Child Protection Act "unfortunately Playing Out" in Brooklyn mass shooting

Written By: Reid
Aug 14, 2023

BALTIMORE (WBFF) — It’s been more than one month since 30 people were shot at the Brooklyn Day block party in South Baltimore.

Among the victims were 15 children younger than 18-years-old.

On WBAL’s C4 and 'Bryan Nehman Show' Thursday, Mayor Brandon Scott was questioned about the investigation and whether or not the Child Interrogation Protection Act passed last year is hampering the investigation.

"It’s extremely difficult when you have 30 people shot, when you can’t talk to a lot of the folks that were there," said Scott. "We have to figure out a way to protect people’s rights, especially young people, but we also have to find a way to make sure we can bring justice for families and do that in the right way."

The law places limits on child interrogations requiring an attorney be consulted when a child is taken into custody and their parents or guardians notified.

“The interrogation act, I think we’re seeing that unfortunately play out in the Brooklyn Shooting,” said Ivan Bates, Baltimore City State's Attorney.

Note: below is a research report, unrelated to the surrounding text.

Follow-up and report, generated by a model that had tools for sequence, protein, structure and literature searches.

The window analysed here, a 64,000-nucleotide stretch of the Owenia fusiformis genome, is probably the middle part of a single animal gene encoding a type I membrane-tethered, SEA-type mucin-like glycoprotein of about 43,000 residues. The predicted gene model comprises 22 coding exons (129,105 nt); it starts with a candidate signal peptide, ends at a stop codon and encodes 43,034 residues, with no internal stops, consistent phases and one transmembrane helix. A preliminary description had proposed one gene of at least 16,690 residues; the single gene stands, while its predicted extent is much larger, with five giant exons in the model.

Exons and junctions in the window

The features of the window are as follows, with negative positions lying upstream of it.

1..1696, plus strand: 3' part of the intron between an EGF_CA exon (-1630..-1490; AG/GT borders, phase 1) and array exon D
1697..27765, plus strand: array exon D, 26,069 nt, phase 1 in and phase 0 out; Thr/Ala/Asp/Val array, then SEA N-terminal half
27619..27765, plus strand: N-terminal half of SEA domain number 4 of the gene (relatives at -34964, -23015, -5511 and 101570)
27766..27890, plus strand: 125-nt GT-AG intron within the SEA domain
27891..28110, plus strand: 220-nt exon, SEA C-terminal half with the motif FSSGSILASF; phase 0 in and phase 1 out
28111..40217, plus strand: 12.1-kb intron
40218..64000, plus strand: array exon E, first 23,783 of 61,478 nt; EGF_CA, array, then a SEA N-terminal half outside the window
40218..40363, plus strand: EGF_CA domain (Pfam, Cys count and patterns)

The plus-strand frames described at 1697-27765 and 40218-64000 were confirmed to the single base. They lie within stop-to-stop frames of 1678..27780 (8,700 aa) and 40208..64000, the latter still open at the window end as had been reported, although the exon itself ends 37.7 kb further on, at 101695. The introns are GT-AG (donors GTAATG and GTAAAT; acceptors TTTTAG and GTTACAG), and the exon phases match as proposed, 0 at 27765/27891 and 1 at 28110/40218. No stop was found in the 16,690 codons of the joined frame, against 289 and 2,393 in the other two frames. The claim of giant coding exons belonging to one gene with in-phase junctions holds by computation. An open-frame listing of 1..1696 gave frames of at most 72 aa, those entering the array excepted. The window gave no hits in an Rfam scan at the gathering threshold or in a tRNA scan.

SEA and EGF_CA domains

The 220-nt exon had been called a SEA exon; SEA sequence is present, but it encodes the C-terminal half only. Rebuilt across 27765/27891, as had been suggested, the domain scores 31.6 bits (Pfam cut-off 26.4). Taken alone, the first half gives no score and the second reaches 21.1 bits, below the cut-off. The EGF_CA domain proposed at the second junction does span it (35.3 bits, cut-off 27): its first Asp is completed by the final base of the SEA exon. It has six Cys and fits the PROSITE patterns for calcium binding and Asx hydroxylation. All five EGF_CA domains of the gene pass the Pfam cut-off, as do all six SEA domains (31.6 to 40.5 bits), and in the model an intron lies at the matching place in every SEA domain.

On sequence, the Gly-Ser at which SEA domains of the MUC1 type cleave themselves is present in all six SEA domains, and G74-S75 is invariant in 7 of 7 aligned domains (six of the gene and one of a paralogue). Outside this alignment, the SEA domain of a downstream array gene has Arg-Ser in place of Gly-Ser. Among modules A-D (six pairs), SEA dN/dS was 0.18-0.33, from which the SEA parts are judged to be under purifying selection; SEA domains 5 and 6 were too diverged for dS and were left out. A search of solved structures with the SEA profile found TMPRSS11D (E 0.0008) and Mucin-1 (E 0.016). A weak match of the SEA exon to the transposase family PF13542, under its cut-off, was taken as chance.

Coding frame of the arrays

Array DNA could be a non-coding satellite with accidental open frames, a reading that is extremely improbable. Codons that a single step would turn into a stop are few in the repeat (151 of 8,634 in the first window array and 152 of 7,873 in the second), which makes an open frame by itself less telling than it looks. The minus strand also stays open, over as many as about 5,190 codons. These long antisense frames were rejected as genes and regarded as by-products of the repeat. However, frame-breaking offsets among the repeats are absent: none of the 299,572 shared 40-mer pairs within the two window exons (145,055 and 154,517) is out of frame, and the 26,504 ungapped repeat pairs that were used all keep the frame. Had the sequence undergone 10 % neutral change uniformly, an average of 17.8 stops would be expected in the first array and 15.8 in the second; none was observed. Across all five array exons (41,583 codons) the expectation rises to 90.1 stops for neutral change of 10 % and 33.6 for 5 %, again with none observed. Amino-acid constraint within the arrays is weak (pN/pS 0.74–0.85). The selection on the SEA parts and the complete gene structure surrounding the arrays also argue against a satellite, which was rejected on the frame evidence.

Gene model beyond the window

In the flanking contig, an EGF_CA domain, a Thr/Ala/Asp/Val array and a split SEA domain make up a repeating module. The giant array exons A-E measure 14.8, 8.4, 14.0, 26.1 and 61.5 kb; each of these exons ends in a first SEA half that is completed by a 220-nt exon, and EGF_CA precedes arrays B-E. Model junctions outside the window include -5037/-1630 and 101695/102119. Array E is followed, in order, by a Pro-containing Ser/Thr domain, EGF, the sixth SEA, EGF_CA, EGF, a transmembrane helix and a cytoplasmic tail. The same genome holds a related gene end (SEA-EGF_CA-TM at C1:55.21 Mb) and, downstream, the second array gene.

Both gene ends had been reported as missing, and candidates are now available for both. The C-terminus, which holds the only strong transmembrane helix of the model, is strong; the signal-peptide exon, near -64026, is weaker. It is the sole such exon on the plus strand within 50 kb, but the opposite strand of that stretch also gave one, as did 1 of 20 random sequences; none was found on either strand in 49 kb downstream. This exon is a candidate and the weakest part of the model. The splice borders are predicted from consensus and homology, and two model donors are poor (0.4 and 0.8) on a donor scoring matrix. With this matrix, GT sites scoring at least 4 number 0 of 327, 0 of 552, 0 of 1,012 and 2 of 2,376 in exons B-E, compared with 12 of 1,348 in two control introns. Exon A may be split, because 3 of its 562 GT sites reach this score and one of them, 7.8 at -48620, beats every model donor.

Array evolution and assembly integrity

While advocates argue it’s a necessary safeguard for young people, Bates says the law has given more rights to public defenders than parents.

“This is what I don’t get, even if the parent says yes you can talk to their child, a lawyer, the public defender, is saying you can’t talk to my client,” Bates said. “Of course they’re not saying you can talk to anyone. They’re shutting it down. Matter of fact I received an email from a public defender in Baltimore City reminding me what the law was, almost waving it in my face, hey you can’t do this. That’s the mentality now given to the public defenders here in Baltimore City.”

Ten top prosecutors across the state tell FOX45 the General Assembly has made it more difficult for them to hold juveniles accountable.

“I think without question over the last several years the general assembly has changed a number of the laws that deal with juvenile crime and I think that’s certainly led to some problems,” said Baltimore County State’s Attorney Scott Shellenberger.

They point to the Juvenile Justice Reform Act which limits children under 13 to charges for crimes of violence, and the Child Interrogation Protection Act as two laws they’d like to see changed as juvenile crime spikes.